In 1917 Congress enacted the War Revenues Act to finance WWI and greatly increased tax rates. The major concern amongst congress was that it would greatly impact charitable giving. As a compromise, the charitable tax deduction was created. There was an alignment with the governing philosophy as nonprofits have typically assumed the responsibility of the social welfare net that the government was ill prepared for and frankly did not want to provide for.
The exemption from taxation of money or property devoted to charitable and other purposes is based upon the theory that the Government is compensated for the loss of revenue by its relief from financial burden which would otherwise have to be met by appropriations from public funds, and by the benefits resulting from the promotion of the general welfare. – ROBERT W. WILLAN, INCOME TAXES, CONCISE HISTORY AND PRIMER 31 (1994)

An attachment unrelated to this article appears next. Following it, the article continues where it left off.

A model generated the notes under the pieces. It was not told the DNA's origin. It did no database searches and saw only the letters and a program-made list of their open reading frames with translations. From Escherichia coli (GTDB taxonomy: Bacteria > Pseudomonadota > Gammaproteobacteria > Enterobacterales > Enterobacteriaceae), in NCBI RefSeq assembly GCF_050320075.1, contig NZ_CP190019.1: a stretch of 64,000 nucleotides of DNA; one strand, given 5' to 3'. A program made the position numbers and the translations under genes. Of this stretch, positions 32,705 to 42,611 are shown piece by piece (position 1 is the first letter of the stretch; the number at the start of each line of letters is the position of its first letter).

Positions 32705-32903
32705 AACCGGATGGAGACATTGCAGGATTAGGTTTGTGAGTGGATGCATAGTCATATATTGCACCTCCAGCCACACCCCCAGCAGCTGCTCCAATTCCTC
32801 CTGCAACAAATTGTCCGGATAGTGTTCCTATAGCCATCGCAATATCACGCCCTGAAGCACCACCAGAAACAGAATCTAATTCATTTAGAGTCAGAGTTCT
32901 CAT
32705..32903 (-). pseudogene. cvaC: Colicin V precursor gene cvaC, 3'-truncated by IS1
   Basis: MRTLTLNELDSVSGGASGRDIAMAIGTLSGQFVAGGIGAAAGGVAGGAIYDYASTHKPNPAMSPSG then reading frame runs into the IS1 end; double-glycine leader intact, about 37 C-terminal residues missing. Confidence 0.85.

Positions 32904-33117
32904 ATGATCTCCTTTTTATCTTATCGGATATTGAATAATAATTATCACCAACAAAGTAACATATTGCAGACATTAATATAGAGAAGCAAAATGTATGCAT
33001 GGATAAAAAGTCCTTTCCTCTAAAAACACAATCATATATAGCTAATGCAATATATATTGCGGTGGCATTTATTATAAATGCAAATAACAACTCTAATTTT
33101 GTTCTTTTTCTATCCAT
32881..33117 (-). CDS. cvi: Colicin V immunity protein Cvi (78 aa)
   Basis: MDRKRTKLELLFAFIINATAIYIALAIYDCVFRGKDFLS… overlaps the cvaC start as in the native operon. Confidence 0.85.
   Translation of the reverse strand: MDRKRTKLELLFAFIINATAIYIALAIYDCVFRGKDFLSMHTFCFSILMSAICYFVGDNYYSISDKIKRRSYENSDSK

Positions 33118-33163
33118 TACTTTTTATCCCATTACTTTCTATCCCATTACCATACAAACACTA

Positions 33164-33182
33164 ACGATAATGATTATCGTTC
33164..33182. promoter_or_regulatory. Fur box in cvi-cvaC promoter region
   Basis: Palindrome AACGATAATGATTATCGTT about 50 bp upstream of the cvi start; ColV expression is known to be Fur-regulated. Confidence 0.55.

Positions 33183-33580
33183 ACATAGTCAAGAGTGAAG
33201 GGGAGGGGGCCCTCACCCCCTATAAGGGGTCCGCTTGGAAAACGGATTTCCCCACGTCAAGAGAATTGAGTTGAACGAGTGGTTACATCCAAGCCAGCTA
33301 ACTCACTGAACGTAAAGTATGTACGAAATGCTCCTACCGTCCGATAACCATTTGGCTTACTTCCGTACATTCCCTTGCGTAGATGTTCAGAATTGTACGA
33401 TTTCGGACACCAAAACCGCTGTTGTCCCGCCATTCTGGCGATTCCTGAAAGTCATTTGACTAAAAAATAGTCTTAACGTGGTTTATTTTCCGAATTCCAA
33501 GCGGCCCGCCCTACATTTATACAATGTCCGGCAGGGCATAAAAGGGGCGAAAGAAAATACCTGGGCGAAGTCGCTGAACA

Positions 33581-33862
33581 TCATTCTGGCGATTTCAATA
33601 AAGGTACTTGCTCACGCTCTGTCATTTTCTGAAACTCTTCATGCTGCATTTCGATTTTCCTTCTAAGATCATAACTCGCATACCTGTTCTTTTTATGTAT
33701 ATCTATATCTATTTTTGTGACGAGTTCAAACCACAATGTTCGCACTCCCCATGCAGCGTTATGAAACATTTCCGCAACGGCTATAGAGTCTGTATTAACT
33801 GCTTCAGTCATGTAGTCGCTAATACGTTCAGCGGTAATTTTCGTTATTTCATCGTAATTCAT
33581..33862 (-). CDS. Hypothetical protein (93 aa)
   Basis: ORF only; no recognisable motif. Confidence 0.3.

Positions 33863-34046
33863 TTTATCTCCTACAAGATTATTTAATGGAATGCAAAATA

We have created a culture in the USA that we support charities that do the jobs the government is unwilling or incapable of doing. Annually Americans give +/- $300 billion to 1.3 million non-profits, but less than 3% of it is real estate ($8-9 billion). Approximately 40-45% of American wealth ($65 trillion) is tied up in real estate. That equates to $27-28 trillion. It is incredibly illiquid, management intensive asset class that requires expertise and money to manage; HOWEVER, the value within that real estate is incredible, available and is tax deductible if donated or sold to a charity. The benefit to the charity is that it can sell the asset and get a substantial payday. The donor avoids capital gains and recapture taxes, and the donee still gets the cash.
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